- There are a lot of questions to ask regarding Noah Syndergaard's injury and his recent refusal of an MRI. But the biggest unknown of all? Whether the Mets, who are full of talented young pitchers, will ever be able to field a healthy enough rotation to capitalize on that potential.
Noah Syndergaard walking off the mound while clutching his hand underneath his right arm in visible discomfort is the stuff of every Mets fan's nightmare. Live by power-throwing arms, die by power-throwing arms.
Since making it to the World Series in 2015 New York has done more dying than living. Last season it was Matt Harvey, Steven Matz and Jacob deGrom who wound up on the shelf, helping cost the club a chance at a second straight NL pennant. The one young flamethrower who remained healthy in 2016, Syndergaard, appeared to be the Mets’ best hope to get back to the postseason. But on Sunday, three days after having to skip a start for right biceps discomfort—and one day after he said he refused an MRI—Syndergaard left his outing against the Nationals in Washington one batter into the second inning with what the Mets are calling a possible lat strain. Suddenly the fact he had given up five runs in the first inning seemed meaningless.
It would be one thing if Syndergaard simply tweaked his arm throwing a pitch and came right out. That stuff happens—indeed, we’ve certainly come to expect a talented young pitcher to have arm trouble. But it’s quite another for Syndergaard to not only cop to arm trouble after the Mets skipped his start Thursday, but also to play doctor. Paging Dr. Syndergaard in the orthopedics wing.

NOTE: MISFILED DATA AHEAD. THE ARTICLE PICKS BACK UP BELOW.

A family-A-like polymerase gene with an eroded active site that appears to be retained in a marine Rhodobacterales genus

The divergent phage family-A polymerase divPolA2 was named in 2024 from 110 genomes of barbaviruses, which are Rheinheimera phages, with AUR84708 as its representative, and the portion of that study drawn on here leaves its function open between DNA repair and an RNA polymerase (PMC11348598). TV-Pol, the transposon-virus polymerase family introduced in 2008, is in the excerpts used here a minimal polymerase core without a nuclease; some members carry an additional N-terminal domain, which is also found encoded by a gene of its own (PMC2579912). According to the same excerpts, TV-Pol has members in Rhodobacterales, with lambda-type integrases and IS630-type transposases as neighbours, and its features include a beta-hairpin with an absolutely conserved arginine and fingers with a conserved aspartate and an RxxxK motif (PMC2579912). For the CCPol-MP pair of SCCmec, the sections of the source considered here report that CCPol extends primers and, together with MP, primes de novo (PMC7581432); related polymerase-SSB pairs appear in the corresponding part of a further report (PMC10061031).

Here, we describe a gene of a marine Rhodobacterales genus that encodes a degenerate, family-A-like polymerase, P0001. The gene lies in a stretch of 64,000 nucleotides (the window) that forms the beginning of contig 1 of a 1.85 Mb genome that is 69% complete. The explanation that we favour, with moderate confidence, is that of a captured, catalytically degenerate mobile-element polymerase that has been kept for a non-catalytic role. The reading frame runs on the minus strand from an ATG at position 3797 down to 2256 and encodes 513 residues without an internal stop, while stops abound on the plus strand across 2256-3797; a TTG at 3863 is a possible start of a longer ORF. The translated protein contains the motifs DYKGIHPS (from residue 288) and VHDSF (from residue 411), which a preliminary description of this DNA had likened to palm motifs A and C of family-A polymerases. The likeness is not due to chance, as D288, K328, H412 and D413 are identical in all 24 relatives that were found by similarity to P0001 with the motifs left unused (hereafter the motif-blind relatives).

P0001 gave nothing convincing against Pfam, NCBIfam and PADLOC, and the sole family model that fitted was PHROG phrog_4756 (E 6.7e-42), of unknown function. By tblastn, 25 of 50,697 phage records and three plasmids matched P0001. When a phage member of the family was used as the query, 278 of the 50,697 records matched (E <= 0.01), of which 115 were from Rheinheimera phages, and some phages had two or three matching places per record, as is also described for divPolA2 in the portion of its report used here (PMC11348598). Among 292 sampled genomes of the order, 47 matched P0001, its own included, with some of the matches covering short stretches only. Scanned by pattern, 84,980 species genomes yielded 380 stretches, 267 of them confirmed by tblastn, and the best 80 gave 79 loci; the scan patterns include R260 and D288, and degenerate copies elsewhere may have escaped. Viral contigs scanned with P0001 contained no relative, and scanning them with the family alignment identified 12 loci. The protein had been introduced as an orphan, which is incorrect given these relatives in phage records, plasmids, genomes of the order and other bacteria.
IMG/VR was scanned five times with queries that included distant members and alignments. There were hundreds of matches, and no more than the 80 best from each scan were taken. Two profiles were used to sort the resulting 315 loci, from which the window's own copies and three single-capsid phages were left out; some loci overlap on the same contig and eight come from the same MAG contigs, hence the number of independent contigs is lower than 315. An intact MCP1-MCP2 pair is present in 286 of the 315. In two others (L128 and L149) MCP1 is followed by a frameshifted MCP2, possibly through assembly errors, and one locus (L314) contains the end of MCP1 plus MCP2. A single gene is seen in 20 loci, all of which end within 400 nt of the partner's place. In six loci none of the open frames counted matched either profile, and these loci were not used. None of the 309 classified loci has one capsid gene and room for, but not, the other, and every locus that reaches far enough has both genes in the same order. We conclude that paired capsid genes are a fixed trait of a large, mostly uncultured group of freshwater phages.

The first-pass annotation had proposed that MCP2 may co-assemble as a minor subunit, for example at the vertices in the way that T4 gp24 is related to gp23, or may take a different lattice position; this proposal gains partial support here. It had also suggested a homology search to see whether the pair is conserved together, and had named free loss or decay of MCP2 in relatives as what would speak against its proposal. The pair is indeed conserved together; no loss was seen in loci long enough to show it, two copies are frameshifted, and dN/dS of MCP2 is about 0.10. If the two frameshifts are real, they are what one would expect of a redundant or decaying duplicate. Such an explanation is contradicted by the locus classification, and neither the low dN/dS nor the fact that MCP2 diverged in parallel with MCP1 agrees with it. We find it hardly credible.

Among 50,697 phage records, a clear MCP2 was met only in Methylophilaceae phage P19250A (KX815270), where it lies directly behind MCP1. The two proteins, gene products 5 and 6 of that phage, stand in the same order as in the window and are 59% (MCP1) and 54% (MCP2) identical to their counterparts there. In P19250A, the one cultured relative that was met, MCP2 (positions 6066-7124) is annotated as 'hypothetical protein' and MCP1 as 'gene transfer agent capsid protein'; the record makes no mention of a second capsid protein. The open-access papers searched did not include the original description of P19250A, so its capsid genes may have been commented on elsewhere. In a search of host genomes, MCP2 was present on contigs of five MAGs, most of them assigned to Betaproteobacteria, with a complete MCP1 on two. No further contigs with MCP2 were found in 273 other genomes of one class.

“I’m pretty in tune with my body,” the 24-year-old right-hander told MLB.com on Saturday. “That’s exactly why I refused to take the MRI. I knew there was nothing happening in there.”
Sure, Noah, but you also said you couldn't lift your arm over your head. That’s not cause for concern?
The Mets certainly had reason to be concerned, but as general manager Sandy Alderson put it, “I can’t tie him down and throw him in the [MRI] tube.”
Syndergaard might be the best pitcher in baseball—he routinely flirts with 100 mph on his fastball and had pitched to 1.73 ERA and 0.89 WHIP in his first four starts this year. New York’s once enviable pitching depth was already questionable before Sunday. deGrom has a 2.84 ERA thus far, but Matt Harvey’s is at 4.25 and he has just 18 strikeouts in 29 1/3 innings. Matz is still hurt and Zack Wheeler has a 4.78 ERA in his first big league season since 2014. Perhaps not surprisingly, the Mets entered the week in last place in the NL East.
Injuries are a cruel part of baseball, especially when they befall lively young pitchers who seem to be unhittable. What’s unknown—and certainly frustrating to the Mets—is whether they will ever be able to field a healthy enough rotation to capitalize on its still vast potential.
We can question whether Syndergaard’s refusal to make an MRI was warranted (it’s hard to sympathize, since they are short, painless and helpful in determining any injuries). If he’s hurt, then it was unwise. We could question how the Mets didn’t just say: if you don't take the test, you’re not starting. We can question how the Mets handle pitchers, bottom to top. Or we can chalk it up to this: in a game with elbows bending at unnatural angles and balls being thrown at unnatural speeds, there is bound to be the sight of someone as good as Syndergaard holding his arm in pain.
The Mets’ run of dominating pitchers was helped by shrewd drafting, smart trading and surely a little bit of luck. The start of a potential downfall? Well, the luck certainly seems like it might be starting to run out.